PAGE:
inflation and stocks

wage inflation in the US?  …finally?

In my earlier post today, I didn’t mention that in the Employment Situation report from the Labor Department a week ago Friday, the annual rate of growth in wages rose from the 2.5% at which it had been stuck for a very long time, despite declining unemployment, to almost 3%.

an aside

Inflation in general is about prices in general increasing.  Deflation is when prices in general are actually falling.  Deflation is scarier than inflation both because it’s less common/harder to treat and because we have the object lesson of Japan, where a quarter-century of unchecked deflation has moved that country from penthouse to basement among world economic powers.

curing inflation

In developed countries, inflation is always about wages.

The garden variety, which seems to be what the Employment Situation may be signaling, is easy to cure.  …a little painful, but easy.

Raise interest rates.

The idea:  businesses want to expand.  To do that they need more workers.  But everyone is already employed somewhere.  So firms have to offer big wage boosts to poach workers from rivals.  Raising interest rates (eventually) stops that.  It increases the cost of expansion and also slows down demand.

Also nipping incipient inflation in the bud prevents consumer behavior from becoming all about defending oneself from it.

who wasn’t expecting this?

For years, economists have been anticipating a rise in inflation.  The first (false, then) alarms sounded maybe six years ago.

But, as they say, nothing is ever fully discounted until it happens.  In addition, Washington is arguably compounding the problem by enacting fiscal stimulus almost a decade too late–making it more likely that rates will go up sooner and more rapidly than if Washington had done nothing.  (Where did the deficit hawks disappear to?)

current Japanese inflation? ..there is none

Deflation means that prices in general are falling.  If this is the case, it’s better to put off buying new things for as long as possible, until they’re 100% absolutely needed.  That’s because anything you buy today will be cheaper tomorrow.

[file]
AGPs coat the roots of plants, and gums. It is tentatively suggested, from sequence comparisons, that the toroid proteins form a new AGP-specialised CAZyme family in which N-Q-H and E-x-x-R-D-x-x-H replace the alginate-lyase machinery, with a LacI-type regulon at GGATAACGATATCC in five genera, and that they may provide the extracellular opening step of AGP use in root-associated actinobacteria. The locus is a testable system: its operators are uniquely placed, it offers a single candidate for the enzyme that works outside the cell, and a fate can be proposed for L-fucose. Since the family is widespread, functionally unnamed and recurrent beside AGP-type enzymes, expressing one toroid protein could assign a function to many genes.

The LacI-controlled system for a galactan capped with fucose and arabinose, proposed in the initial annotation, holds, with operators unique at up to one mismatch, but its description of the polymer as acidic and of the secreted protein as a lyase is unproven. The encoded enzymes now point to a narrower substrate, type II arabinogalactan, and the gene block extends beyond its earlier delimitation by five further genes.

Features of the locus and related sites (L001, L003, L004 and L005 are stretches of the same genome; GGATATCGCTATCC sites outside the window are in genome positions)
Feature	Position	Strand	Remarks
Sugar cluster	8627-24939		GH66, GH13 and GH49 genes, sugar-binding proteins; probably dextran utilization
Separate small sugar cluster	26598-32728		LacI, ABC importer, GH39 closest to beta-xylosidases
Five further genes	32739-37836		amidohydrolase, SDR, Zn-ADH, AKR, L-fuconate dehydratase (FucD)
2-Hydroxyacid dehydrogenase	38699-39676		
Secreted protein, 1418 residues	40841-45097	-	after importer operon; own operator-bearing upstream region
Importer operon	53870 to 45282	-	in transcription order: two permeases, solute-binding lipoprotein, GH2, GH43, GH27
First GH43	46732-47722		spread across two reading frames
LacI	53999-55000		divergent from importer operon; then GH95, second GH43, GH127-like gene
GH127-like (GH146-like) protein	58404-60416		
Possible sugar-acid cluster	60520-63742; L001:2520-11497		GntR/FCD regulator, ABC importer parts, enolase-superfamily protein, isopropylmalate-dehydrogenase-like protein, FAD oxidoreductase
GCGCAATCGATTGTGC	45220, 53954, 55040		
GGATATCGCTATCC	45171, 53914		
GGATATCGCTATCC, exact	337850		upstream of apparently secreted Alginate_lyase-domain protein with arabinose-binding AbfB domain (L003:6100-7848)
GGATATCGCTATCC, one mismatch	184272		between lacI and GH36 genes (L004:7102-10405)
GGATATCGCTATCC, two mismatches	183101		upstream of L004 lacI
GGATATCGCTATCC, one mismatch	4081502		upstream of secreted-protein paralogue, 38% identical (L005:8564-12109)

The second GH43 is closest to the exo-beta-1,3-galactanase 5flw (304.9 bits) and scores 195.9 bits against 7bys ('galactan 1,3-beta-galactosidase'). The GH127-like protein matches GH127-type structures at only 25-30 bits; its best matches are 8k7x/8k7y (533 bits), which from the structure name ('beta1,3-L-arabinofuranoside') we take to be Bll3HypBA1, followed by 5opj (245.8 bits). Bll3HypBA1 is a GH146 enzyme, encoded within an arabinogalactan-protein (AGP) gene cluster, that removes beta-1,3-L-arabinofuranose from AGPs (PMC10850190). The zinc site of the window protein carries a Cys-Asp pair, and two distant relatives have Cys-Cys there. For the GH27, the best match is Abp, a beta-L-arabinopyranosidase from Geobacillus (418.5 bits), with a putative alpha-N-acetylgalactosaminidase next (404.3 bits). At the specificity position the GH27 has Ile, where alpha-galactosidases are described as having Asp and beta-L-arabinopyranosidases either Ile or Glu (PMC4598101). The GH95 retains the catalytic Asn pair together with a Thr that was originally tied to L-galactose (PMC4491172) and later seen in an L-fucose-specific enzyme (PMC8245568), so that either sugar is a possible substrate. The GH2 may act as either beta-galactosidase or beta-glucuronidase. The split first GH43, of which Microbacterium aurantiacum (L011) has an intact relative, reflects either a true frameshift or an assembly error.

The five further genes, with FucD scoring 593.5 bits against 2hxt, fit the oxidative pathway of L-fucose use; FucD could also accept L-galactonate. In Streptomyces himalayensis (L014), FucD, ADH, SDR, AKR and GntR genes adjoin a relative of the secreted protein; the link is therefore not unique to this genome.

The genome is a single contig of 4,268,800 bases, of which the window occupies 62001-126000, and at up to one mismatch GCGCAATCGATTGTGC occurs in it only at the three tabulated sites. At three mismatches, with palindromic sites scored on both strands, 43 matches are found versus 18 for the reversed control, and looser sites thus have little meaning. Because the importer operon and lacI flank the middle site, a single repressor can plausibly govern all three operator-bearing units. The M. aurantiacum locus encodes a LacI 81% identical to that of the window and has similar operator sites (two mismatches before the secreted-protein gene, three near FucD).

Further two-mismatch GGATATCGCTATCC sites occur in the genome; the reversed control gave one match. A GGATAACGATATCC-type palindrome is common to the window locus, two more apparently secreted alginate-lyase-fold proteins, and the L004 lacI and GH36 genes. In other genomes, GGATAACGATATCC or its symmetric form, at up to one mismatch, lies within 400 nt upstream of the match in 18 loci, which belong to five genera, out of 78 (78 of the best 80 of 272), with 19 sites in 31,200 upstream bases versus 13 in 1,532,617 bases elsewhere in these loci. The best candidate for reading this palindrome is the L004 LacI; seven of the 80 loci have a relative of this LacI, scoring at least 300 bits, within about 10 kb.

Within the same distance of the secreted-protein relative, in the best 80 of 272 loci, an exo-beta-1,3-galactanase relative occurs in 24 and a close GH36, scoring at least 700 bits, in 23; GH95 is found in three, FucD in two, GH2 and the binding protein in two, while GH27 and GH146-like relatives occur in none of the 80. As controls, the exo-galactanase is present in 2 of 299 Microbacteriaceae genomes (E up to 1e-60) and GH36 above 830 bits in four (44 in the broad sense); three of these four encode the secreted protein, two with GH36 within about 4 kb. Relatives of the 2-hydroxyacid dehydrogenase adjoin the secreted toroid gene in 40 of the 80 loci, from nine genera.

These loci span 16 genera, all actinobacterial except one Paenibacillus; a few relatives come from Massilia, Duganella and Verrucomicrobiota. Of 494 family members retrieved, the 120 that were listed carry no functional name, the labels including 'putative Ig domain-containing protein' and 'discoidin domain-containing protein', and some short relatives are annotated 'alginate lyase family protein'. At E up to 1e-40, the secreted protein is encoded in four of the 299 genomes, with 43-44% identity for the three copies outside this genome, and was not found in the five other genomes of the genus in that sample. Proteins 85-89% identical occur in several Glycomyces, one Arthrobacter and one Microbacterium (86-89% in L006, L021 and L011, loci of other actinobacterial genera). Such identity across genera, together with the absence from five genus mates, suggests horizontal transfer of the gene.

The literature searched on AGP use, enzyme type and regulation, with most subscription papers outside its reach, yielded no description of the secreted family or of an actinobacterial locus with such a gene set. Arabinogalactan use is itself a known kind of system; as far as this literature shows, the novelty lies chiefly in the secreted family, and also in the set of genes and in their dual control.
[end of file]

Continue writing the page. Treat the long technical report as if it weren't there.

After a while, non-consumption becomes a habit, and an economy stagnates.

Conversely, in an inflationary environment, everything is more expensive tomorrow than it is today.  So consumers buy in advance.  In addition to things they need, they may also purchase items they have no intention of consuming.  They may think that keeping physical objects which they can later resell is a better way of preserving or enhancing purchasing power than keeping savings in the bank.

Japan has been in a deflationary economic funk for over a quarter century.   When Shinzo Abe became Prime Minister of Japan in late 2012, he decided to attack deflation as a way of boosting economic growth.  He had a plan that has become famous for its three “arrows”:  a massive depreciation of the yen, large-scale government deficit spending, and corporate/regulatory reform.  Each of the three should have been enough by itself to spark inflation.

The expense of the plan has been enormous, both in terms of the loss of international purchasing power of yen-denominated assets and in increased national debt.

The result after close to four years?   ….as the Tokyo government reported last week, no inflation at all.

How can this be?

From its outset, I’ve believed that Abenomics would be unsuccessful.  I thought the stumbling block would be corporate reform.  The earliest evidence that would indicate I would be wrong would, I thought/think, take the form of an effort to remove the legislative barriers to reform that the Liberal Democrats in the Diet had installed after the deflationary crisis had already begun.  So far, for all practical purposes there’s been nada.  So I continue to be convinced that corporate leaders will resist any changes to the status quo, aided as they are by the Diet’s removal of any levers to force reform from the outside.

Of course, any inflation-induced oomph to consumption won’t last forever.  People and institutions adjust. If nothing else, consumers run out of storage space for the extra stuff they’ve bought.  They then have to throttle back their spending   …or rent a storage unit  …or contemplate a McMansion.

What’s surprising to me, however, is that the same reluctance to spend–although perhaps not to the same degree–is evident in both the US and in Europe.  We might figure that the austerity approach of EU countries wouldn’t exactly spur consumers on.  But the lack of inflation and the paucity of mall-storming or website-crashing consumption in the US after eight years of extraordinary stimulus seem to argue that the overarching economic theories about how to induce inflation are incorrect.

Demographics as the cause?

 

keeping nominal GDP growth above zero

A reader asked a question about this after my Stephen King post from last Friday.  I think the best place for an answer is here.

In most circumstances, what counts is real GDP, not nominal.  That latter is, after all, just real GDP + inflation.  However, what comes to mind when people start to look for instances where nominal GDP shrinks is the Great Depression   …or maybe Japan during the series of Lost Decades it has been experiencing since 1990.

A potentially huge economic problem during a period of declining nominal GDP is that virtually all borrowing contracts–bonds or bank debt–are written in nominal terms.    In many places, labor contracts are also framed the same way, with an x% increase in wages yearly over the term of the agreement.